Ben Davis
One of the more underrated prospects in the minors right now is San Diego's switch-hitting catcher, Ben Davis.  The Pads' selection of him #2 overall in the 1995 draft was viewed by many "experts" as a disastrous selection.  After all, he was drafted ahead of Jose Cruz Jr, Kerry Wood, Todd Helton, Geoff Jenkins, Matt Morris, Roy Halladay, Michael Barrett and Brett Tomko... and that was just in the first round.  Only 2 catchers drafted between 1980 and 1990, Ron Karkovice and Craig Biggio, had established themselves as major league regulars.  And after his poor showing in his first year of pro ball, hitting .201 and slugging .286, many more "experts" joined the chorus of Steve Chilcott chants.  For those of you too young to know who that is, he was the catcher the Mets selected #1 ahead of Reggie Jackson.  He never made it to the majors.
Fortunately for the Pads and Davis, sportswriters and talent evaluators don't play the games.  What was missed in that first year was that not only was Davis the 3rd youngest player in A-ball, but he was bothered by calcium deposits and elbow tendonitis all year.  The next year, he repeated A-ball, showing good power (17 homers & 30 doubles) and improving his batting average (.278) dramatically.  He was still one of the younger players at this level.  But the naysayers didn't like the fact that he struck out 107 times.
Davis moved up to AA in 1998.  Once again, he was one of the younger players at his level, and again he managed to improve his offense.  His batting average, slugging average and on-base percentage rose significantly while he lowered his strikeout rate by nearly 50 percent!  But still that wasn't enough to convince the minor league gurus that this guy was for real.  So when he began the 1999 season at AAA going 1-for-33, the Davis detractors were in full chorus, crowing that they had once again unmasked a suspect posing as a prospect.  I don't know if Davis heard them or not, but he responded.  Since that season-opening slump, Davis has hit .360 with nearly half his hits going for extra bases.  As soon as the Pads trade one of their catchers, Davis will be promoted and become their everyday catcher.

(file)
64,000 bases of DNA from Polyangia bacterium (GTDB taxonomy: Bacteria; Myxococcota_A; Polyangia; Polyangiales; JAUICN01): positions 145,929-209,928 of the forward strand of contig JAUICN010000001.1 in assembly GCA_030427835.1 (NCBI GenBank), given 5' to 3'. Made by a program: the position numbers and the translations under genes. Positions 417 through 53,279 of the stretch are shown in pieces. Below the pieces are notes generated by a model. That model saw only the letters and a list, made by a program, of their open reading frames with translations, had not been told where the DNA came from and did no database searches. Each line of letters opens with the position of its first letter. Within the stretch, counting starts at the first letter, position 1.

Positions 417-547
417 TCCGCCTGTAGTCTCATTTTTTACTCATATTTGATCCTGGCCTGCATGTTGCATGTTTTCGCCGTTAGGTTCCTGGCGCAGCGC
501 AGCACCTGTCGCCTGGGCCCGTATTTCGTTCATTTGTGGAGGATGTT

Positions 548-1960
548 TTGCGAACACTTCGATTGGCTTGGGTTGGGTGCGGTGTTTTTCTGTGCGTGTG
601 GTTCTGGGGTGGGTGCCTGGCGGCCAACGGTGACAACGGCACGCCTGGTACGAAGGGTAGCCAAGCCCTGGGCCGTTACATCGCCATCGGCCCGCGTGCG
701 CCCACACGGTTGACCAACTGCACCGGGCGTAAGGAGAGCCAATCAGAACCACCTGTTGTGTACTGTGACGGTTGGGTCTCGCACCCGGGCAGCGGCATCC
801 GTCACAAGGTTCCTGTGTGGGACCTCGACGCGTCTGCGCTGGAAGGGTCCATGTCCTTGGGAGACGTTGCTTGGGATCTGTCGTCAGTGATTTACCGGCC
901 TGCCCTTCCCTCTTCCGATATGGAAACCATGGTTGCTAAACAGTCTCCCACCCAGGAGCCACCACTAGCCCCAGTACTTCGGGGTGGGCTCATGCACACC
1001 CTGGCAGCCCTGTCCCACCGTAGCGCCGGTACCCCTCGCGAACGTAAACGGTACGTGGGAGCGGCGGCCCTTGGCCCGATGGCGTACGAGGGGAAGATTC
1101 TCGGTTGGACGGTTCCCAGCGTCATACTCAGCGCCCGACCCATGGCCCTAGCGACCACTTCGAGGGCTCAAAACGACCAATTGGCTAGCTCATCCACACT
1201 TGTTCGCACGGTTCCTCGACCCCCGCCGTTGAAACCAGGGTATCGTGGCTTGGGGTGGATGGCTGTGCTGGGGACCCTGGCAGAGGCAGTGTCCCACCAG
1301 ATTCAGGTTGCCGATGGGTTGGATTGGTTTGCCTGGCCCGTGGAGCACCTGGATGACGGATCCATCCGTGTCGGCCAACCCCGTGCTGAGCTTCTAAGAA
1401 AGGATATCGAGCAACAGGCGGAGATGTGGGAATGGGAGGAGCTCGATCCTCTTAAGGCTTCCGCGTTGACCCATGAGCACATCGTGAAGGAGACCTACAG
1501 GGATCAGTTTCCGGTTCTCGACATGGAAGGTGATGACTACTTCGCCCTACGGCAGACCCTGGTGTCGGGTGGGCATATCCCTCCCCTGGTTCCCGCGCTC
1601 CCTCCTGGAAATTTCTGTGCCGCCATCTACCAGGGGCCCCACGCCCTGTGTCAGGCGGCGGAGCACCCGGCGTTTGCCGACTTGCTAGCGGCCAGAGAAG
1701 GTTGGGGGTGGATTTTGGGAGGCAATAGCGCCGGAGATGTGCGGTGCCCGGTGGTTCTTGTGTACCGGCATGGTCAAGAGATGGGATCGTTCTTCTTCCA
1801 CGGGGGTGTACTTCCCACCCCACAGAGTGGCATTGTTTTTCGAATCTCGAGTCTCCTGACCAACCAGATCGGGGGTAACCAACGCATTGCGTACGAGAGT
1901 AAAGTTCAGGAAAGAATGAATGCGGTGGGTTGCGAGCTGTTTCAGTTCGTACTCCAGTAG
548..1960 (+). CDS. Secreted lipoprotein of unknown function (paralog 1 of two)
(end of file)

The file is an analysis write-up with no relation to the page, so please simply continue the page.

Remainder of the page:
Davis' calling card has always been his defense.  In 3 of his 4 years in the minors, he has thrown out more than 50% of would-be base stealers.  He blocks pitches well and doesn't let his hitting affect his concentration behind the plate.  Many of the experts have comared him to Jim Sundberg, but I think he will be far more potent offensively.  In AA, he produced similar numbers to those of Charles Johnson, but Davis was a full 2 years younger.  My guess is that once he gets settled in, Davis will hit around .275 with 20-25 homer power while completely shutting down the opposition's running game.